Georgia Senate Runoffs Explained

While the two Georgia Senate races may not be as close as the presidential one—in which former Vice President Joe Biden leads President Donald Trump by just over 4,000 votes—it's likely that both will advance to a runoff. As the balance of power in the Senate is now at a near tie for Democrats and Republicans, the two runoffs could define the Senate majority or a possible split come January.

In Georgia, along with nine other states, a candidate must secure a minimum of 50 percent of the votes to win a race. If no candidate reaches that requirement, the top two candidates face off in a separate runoff election.

Republican incumbent Senator David Perdue currently holds 49.8 percent of the vote against Democratic challenger Jon Ossoff following a large number of ballots counted in Metro Atlanta and Chatham County—with a difference of just over 95,500 votes.

The second Senate race was a special election between Republican incumbent Senator Kelly Loeffler—who was appointed by Governor Brian Kemp to replace Johnny Isakson, who resigned from office before the end of his term—and Democratic rival Raphael Warnock. The race was declared a runoff after Warnock received 32.9 percent of the votes, 330,000 more than Loeffler.

It's also the most expensive statewide election in Georgia history, topping $150 million on ad campaigns for both races.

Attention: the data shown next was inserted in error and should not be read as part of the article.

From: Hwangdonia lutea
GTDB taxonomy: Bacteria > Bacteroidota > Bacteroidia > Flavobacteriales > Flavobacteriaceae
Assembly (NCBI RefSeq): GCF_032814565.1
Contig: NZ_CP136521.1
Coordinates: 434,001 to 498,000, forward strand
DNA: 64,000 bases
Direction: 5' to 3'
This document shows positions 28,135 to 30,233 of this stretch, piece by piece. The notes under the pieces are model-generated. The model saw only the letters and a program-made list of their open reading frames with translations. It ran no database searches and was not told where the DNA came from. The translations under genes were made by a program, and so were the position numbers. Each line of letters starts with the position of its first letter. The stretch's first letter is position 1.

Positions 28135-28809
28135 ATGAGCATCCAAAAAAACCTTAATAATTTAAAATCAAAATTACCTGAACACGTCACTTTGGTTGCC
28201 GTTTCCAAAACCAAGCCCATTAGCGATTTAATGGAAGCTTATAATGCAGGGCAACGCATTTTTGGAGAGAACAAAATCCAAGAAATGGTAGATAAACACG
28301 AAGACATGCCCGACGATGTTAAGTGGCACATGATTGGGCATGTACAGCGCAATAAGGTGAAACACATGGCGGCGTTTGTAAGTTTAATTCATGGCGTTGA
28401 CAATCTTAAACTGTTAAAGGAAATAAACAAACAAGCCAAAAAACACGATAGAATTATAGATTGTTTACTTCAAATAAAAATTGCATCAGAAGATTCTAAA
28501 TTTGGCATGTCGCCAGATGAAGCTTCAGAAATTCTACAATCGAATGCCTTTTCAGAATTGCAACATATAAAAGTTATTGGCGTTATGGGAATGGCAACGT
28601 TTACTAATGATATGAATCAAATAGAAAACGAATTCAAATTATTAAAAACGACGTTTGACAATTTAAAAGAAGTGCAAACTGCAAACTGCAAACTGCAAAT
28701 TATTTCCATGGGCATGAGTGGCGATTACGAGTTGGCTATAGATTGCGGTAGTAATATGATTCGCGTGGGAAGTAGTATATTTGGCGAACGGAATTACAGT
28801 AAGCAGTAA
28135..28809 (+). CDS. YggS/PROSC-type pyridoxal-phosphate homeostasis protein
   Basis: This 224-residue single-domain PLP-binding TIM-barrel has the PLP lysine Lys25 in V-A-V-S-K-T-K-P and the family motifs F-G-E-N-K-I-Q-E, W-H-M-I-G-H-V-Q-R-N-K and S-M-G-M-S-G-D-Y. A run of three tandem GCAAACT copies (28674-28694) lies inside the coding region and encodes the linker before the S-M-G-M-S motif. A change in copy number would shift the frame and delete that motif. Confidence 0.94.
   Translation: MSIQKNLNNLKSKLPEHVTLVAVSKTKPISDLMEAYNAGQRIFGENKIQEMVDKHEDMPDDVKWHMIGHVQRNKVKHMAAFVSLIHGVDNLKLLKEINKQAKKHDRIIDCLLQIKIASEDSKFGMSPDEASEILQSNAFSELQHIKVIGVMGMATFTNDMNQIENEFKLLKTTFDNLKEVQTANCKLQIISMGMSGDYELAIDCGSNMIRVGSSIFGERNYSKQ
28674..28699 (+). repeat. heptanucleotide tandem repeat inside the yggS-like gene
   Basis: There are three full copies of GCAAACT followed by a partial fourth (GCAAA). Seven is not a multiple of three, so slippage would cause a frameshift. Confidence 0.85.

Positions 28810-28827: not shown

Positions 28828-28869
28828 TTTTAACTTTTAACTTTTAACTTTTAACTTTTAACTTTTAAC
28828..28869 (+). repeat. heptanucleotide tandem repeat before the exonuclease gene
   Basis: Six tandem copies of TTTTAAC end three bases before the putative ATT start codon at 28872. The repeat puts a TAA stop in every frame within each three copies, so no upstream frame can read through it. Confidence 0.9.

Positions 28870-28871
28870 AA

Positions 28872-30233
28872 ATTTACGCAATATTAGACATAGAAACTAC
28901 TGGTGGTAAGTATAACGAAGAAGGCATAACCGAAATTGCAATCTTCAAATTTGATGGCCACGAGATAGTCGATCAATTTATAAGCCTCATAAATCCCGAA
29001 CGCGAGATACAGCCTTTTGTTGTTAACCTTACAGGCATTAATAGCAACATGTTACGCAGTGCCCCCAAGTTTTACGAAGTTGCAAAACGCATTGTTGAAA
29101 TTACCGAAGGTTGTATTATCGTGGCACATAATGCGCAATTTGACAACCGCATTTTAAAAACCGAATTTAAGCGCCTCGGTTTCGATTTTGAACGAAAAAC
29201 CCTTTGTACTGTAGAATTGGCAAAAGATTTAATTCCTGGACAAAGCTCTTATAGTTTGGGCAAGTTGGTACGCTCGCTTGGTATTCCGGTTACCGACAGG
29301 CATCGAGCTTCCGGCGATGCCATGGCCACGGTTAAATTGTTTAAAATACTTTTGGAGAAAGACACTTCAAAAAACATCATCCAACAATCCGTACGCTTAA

With 99 percent of the votes counted statewide—and just 4,000 more absentee ballots to go—it's likely that Perdue won't get the necessary votes to reach 50 percent, thus officially declaring it a runoff as per Georgia election law.

No matter the outcome of the Perdue-versus-Ossoff race, at least one runoff will be held on January 5 of next year. With Democrats and Republicans each holding 48 seats in the Senate so far into the election (with Alaska and North Carolina still awaiting results as the Republican candidates have an edge in those races), these runoffs put the contentious battle for control of the Senate into high gear.

Democrats, who currently have a net gain of one Senate seat, would need to flip at least two more races to possibly win a majority in the Senate. If the Democrats secure the White House and there's a tie in the chamber, the Democratic vice president would cast the tie-breaking vote.

"We have all the momentum, we have all the energy, we're on the right side of history," said Ossoff in a Friday morning press conference. "Y'all ready to work? We're just getting started."

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Fulton County election workers examine ballots while vote counting, at State Farm Arena on November 5, 2020, in Atlanta, Georgia. Officials said there will be a recount of the election votes in the state as Joe Biden and Donald Trump are still neck and neck. TAMI CHAPPELL/AFP/Getty

While Georgia as a swing state is a relatively new phenomenon, Ossoff received the most statewide votes of any Democratic candidate in Georgia's history. But according to Georgia's secretary of state election records, Democrats haven't won a single statewide election in Georgia since 2006. In the seven runoff elections in the last 30 years, Democrats won only one of them.